Through our research, we identify longitudinal trajectories of adolescent behavioral and biological development using cutting edge research methods
Our research uses brain imaging techniques to better understand development.
Learn more about our lab's fMRI research methods in this video!
Building Resiliency and Nurturing Children's Health (BRANCH)
This NIH-funded study (R01 DA055630-01) aims to investigate resilience development among low-income, rural youth for five years. We will collect data from 7-year-olds and their caregivers, including a home visit in which we collect survey data and data on their health and context, as well as a visit to the UGA BIRC to get an MRI image of their brain. We will also be connecting with teachers for survey data.
Development of Risk & Resilience Among Rural Youth (DORRY)
This 5-year NIDA-funded study (5K01DA045219-02) explores the neurobiological mechanisms between early adversity and substance use among rural adolescents. Our team is employing multi-level methods of data collection, including structural and functional MRI, self- and parent-report questionnaires on past experiences and behavior, videotaped and coded parent-child interactions, and stress physiology. The study is currently in its first wave of data collection and will continue for the next 5 years, collecting another 2 waves of data.
Parenting & Decision Making (PDM)
PDM was an internally-funded project that extended from the beginning of 2017 to the end of 2018. Employing a longitudinal (two wave) sample of low-income, ethnically diverse study aimed to collect longitudinal data (two waves) on early childhood experiences, parenting behaviors, parent and child physiological functioning, and psychopathology. Data on parenting behavior was collected via videotaped interactions between the parent and child and subsequently coded. Physiological data was collected on parasympathetic and sympathetic branches of the autonomic nervous system as well as the HPA axis. Several articles have been published using this dataset.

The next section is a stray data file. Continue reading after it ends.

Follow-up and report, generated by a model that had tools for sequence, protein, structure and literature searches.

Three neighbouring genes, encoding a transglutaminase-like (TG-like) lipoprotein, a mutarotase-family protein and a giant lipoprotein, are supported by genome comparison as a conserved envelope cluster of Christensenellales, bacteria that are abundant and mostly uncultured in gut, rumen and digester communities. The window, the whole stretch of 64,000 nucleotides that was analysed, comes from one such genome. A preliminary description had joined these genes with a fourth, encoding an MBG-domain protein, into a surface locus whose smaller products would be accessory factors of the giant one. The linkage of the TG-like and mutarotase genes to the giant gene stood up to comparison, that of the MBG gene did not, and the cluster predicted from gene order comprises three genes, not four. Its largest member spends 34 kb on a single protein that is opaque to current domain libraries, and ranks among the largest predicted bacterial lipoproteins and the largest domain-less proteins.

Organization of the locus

Childhood Experiences, Vagal Tone, & Risk Behaviors
This project was an internally-funded project that ran from 2015 through 2018. The study aimed to investigate how vagal tone plays a role in the impact of childhood experiences on youths’ later development of risk behaviors. Over the course of the project, our team collected 3 waves of data from 225 young adults of low socioeconomic status in Athens, Georgia area using surveys, computer-based tasks, laboratory-induced tasks, and psychophysiological assessment. Several articles have been published using this dataset.
Childhood Adversity & Risk Behaviors
The CARB study examined the neural and cognitive mediators of childhood adversity and adult risk behaviors among rural women. Our team collected neuroimaging and survey data from 25 low socioeconomic-status young women (aged 18-25 years old) and tested the neurological pathways linking the associations between early life stress and risk behaviors.